Citation, DOI & article data
Proteins comprise long chains of amino acids joined together by peptide bonds.
A peptide bond is formed by the carboxyl group of one amino acid linking to the amino group of the next one.
Arbitrarily proteins are categorized according to length of the amino acid chain: if less than one hundred amino acids, then they are peptides, subdivided into oligopeptides (2-10 amino acids) and polypeptides (11-99 amino acids). Conversely, chains of approximately 100 amino acids or more are termed proteins 1.
Glycoproteins are proteins with a carbohydrate component and lipoproteins are proteins with a lipid component.
The sequence of amino acids in the protein chain is called the primary structure. The basic chains are then folded and twisted in complex ways to form the secondary structure. A typical example is the α-helix, the simplest secondary structure of proteins (helical form). As these folded twisted chains are further organized into larger crystals (etc.) the arrangement is called the tertiary structure. Finally some protein macromolecules are comprised of several protein subunits and the overall arrangement is known as the quaternary structure, e.g. hemoglobin.
Protein Data Bank
The three-dimensional structures of proteins (and nucleic acids) are stored in a database, the Protein Data Bank, which is accessible free of charge to users 7.
History and etymology
It was H. Emil Fischer, a German chemist, who first hypothesized the chemical bond that holds two amino acids together in a single structure (dipeptide) 8.
Peptide receptor radionuclide therapy
Peptide receptor radionuclide therapy (PRRT) is the technique by which some peptides, capable of binding specific transmembrane receptors, are labeled with ß- emitting radionuclides, such as Y-90 (90Y-DOTATOC, 90Y-DOTALAN) and Lu-177 (177Lu-DOTATATE) and used for the medical nuclear therapy of numerous tumors 2-6.
- 1. Kim E. Barrett, Susan M. Barman, Scott Boitano, Heddwen Brooks. Ganong's Review of Medical Physiology 25th Edition. (2015) ISBN: 9780071848978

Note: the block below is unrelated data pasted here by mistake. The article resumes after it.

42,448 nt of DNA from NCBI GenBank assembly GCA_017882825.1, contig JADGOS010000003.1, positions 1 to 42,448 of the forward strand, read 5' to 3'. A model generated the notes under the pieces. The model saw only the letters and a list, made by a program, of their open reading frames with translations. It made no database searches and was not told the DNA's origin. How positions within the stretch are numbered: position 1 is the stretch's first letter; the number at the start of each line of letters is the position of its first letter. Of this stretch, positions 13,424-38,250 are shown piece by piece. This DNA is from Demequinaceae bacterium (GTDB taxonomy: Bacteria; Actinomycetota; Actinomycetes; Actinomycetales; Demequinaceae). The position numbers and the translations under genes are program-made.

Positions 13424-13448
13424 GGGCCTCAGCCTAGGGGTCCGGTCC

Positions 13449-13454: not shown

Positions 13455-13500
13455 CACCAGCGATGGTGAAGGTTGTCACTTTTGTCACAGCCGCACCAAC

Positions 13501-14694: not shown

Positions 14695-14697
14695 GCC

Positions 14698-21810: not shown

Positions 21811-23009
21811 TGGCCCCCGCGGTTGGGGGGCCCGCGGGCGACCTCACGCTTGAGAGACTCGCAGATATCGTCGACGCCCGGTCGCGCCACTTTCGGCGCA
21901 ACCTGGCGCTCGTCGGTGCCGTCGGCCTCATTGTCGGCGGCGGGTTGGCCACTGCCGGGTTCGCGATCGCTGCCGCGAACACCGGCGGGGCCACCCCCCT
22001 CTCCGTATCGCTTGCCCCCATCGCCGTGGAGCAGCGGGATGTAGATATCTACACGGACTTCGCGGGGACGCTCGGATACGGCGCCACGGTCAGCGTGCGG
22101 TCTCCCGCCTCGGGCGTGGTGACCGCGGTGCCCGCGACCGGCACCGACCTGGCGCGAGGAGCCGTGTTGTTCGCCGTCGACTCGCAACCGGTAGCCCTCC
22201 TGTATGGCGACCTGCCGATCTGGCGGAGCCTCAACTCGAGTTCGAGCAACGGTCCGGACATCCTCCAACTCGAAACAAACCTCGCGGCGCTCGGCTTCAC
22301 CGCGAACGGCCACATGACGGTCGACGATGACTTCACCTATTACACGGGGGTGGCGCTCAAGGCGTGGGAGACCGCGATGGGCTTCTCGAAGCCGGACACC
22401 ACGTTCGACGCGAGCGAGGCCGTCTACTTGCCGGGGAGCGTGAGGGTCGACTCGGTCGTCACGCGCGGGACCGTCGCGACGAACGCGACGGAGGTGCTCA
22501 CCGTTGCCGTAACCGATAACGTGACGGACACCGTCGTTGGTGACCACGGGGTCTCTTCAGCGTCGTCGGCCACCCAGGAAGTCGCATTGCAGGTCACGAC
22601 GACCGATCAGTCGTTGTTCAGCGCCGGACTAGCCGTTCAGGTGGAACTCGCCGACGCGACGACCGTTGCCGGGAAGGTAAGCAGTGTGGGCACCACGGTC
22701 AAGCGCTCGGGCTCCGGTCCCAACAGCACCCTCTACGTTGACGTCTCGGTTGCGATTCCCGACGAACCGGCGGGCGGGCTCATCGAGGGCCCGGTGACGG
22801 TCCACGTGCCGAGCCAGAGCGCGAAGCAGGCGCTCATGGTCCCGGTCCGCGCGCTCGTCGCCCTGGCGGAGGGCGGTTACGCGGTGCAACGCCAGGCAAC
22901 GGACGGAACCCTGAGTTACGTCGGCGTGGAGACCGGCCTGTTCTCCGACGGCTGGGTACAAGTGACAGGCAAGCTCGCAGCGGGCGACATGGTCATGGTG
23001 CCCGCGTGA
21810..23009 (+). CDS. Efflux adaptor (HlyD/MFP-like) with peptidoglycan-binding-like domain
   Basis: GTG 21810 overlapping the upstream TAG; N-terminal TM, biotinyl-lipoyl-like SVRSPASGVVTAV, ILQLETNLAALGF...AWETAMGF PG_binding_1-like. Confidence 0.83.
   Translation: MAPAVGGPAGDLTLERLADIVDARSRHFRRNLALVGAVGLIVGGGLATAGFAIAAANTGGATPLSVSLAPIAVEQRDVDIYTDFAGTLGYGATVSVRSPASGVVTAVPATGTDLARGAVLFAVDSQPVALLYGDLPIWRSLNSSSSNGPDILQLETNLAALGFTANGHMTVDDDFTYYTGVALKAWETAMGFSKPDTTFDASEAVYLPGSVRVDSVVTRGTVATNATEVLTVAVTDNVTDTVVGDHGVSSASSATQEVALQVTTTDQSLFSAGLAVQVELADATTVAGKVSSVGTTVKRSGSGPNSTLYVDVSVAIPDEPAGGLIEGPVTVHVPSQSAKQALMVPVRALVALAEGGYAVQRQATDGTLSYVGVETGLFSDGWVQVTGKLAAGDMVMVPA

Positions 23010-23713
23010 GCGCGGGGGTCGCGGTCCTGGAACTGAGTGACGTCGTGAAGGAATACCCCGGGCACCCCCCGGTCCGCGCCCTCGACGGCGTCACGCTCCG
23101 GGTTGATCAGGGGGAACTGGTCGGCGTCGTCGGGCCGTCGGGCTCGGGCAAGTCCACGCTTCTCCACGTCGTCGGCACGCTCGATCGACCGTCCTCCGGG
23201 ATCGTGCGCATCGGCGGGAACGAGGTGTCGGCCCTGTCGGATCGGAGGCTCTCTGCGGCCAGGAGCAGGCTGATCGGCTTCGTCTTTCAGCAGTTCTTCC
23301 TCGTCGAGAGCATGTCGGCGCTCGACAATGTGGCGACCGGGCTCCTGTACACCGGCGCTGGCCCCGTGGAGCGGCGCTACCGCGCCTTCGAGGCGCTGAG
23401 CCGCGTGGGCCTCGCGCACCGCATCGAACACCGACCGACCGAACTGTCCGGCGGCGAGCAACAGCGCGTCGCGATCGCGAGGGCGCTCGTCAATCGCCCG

- 2. Palestini N, Tagliabue M, Cestino L, Farnetti A, Rossetto R, Vendrame A. [Treatment of familial medullary thyroid carcinoma]. (2003) Minerva chirurgica. 58 (6): 801-9. Pubmed
- 3. Hope TA, Bodei L, Chan JA, El-Haddad G, Fidelman N, Kunz PL, Mailman J, Menda Y, Metz DC, Mittra ES, Pryma DA, Reidy-Lagunes DL, Singh S, Strosberg JR. NANETS/SNMMI Consensus Statement on Patient Selection and Appropriate Use of Lu-DOTATATE Peptide Receptor Radionuclide Therapy. (2020) Journal of nuclear medicine : official publication, Society of Nuclear Medicine. 61 (2): 222-227. doi:10.2967/jnumed.119.240911 - Pubmed
- 4. BERNAN ASSOC. PRACTICAL GUIDANCE ON PEPTIDE RECEPTOR. (2013) ISBN: 9789201292100
- 5. Smith-Jones PM, Bischof C, Leimer M, Gludovacz D, Angelberger P, Pangerl T, Peck-Radosavljevic M, Hamilton G, Kaserer K, Kofler A, Schlangbauer-Wadl H, Traub T, Virgolini I. DOTA-lanreotide: a novel somatostatin analog for tumor diagnosis and therapy. (1999) Endocrinology. 140 (11): 5136-48. doi:10.1210/endo.140.11.7126 - Pubmed
- 6. Traub-Weidinger T, Raderer M, Uffmann M, Angelberger P, Kurtaran A, Leimer M, Preitfellner J, Dudczak R, Virgolini I. Improved quality of life in patients treated with Peptide radionuclides. (2011) World journal of nuclear medicine. 10 (2): 115-21. doi:10.4103/1450-1147.89779 - Pubmed
- 7. Berman H, Westbrook J, Feng Z et al. The Protein Data Bank. Nucleic Acids Res. 2000;28(1):235-42. doi:10.1093/nar/28.1.235 - Pubmed
- 8. Nilsson B, Soellner M, Raines R. Chemical Synthesis of Proteins. Annu Rev Biophys Biomol Struct. 2005;34(1):91-118. doi:10.1146/annurev.biophys.34.040204.144700 - Pubmed